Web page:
The long anticipated court decision regarding the city of Phoenix ordinance that would ban retail sales of dogs and cats in stores unless they came from animal shelters or nonprofit rescues was decided on July 29th, when a federal court upheld the ordinance. While this is a blow to the pet industry and pet welfare, this decision did shed some serious light on the high number of dogs trafficked in Maricopa County and Arizona. The court ruling by U.S.District Court Judge David Campbell exposed a lot of truths about the impact retail pet sales has on municipalities not only in Phoenix, but other areas of the country as well.
It was revealed that one store, Puppies N'Love, owned by Frank and Vicki Mineo, sold 500 puppies a year out of 23,000 sold in Maricopa County per year. This amounts to 2.2 percent of the total dog market for Maricopa county - or taken on a state-wide basis, 1.2 percent of dogs sold.
When Frank and Vicki Mineo were confronted with this ordinance, they challenged this new law and got an injunction, keeping the ordinance from taking effect until it could be decided in a court of law through discovery. In his ruling, Judge Campbell described Puppies N’ Love as ‘an exemplary pet store’ that ‘avoids buying from puppy mills and works hard to ensure that its puppies have been raised in a humane and caring environment, but also stated that there was little doubt the burden of the ordinance would fall hard on the pet store. However, he also noted, that the ordinance did not step across constitutional commerce clause lines.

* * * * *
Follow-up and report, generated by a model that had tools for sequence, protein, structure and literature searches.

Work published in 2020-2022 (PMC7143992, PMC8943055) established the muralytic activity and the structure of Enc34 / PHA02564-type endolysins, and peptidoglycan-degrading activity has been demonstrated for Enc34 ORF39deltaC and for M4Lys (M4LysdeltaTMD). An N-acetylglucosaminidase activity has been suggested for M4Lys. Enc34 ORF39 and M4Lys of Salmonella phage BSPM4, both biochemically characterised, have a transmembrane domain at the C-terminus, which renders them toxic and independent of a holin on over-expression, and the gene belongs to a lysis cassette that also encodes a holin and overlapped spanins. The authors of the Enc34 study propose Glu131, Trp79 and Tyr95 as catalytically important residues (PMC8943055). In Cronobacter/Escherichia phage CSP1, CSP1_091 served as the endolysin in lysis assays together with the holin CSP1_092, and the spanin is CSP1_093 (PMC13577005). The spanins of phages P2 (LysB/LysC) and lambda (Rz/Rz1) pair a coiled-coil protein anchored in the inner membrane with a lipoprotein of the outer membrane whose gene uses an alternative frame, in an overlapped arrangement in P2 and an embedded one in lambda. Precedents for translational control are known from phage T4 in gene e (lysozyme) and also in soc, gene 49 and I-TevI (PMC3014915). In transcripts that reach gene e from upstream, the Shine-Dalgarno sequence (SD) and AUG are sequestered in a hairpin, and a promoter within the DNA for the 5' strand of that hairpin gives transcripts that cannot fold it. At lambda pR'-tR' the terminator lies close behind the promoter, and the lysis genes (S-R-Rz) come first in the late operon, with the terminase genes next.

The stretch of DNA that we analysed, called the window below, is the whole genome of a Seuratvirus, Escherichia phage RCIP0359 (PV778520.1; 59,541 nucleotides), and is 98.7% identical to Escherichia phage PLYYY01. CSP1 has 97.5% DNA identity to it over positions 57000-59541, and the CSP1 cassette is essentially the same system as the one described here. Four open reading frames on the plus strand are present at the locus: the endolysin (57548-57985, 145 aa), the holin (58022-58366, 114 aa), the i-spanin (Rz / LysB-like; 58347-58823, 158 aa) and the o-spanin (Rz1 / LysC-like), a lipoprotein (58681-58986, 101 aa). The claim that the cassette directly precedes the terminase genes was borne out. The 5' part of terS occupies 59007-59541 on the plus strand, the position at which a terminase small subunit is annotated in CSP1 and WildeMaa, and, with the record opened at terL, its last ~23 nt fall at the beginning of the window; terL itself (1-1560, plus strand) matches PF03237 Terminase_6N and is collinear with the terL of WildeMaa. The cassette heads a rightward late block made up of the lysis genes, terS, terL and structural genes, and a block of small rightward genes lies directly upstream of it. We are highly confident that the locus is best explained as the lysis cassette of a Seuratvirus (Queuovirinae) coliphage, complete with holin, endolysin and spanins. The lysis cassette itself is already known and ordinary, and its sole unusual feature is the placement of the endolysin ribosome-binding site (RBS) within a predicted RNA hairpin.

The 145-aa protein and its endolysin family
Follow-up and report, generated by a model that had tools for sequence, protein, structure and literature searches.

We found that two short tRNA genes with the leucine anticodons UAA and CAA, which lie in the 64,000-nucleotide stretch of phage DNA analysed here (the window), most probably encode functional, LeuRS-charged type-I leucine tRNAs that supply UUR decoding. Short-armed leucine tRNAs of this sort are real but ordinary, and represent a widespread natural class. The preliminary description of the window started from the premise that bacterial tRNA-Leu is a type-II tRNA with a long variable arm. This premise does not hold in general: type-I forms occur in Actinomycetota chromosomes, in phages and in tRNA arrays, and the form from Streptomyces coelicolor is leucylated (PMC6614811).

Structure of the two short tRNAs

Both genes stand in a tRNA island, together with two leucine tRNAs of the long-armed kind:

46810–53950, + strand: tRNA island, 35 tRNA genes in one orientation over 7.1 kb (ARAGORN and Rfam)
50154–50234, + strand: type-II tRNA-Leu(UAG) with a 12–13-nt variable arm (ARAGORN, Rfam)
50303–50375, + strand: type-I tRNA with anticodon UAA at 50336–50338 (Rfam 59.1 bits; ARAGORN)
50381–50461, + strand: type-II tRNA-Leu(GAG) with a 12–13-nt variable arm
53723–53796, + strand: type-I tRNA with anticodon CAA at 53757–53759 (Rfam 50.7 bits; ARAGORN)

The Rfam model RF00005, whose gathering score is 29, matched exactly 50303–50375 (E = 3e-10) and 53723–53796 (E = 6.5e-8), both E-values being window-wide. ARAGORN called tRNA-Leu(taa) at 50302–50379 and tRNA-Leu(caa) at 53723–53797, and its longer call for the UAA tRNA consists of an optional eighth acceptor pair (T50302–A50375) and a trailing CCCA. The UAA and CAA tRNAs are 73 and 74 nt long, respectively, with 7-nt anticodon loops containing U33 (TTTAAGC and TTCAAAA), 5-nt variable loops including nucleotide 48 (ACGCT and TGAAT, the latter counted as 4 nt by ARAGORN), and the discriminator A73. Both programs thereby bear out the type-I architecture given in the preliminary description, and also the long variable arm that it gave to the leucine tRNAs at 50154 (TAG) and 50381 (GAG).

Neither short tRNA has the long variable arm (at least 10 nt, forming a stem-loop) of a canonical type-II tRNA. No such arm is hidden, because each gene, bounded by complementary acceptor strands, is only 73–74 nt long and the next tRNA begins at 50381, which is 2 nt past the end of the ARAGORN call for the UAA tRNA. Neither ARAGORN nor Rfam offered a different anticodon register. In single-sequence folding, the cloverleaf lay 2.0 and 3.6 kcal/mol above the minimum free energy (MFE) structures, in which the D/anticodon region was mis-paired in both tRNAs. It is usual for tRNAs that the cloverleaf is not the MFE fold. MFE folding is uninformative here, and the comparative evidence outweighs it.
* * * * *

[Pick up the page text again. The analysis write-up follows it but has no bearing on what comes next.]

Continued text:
Campbell’s court ruling also outlined how many dogs and other animals were taken into Maricopa County-run animal shelters and how many ended up being put down. Court documents found that last year county animal shelters took in more than 38,200 animals, with 34,000 of those being dogs. The county found homes for close to 11,400 of those dogs, returned 4,200 to owners and transferred to 12,100 to rescue group and no-kill organizations and euthanized around 10,200 dogs.
One cannot help but wonder why retail pet sales, which accounts for a fraction of a percent of dogs being marketed in this country is taking the "heat" and while the retail rescue and dog trafficking business is booming. Hopefully, Mr. Mineo will appeal this ridiculous court decision. This flies in the face of small businesses everywhere and the right to free commerce.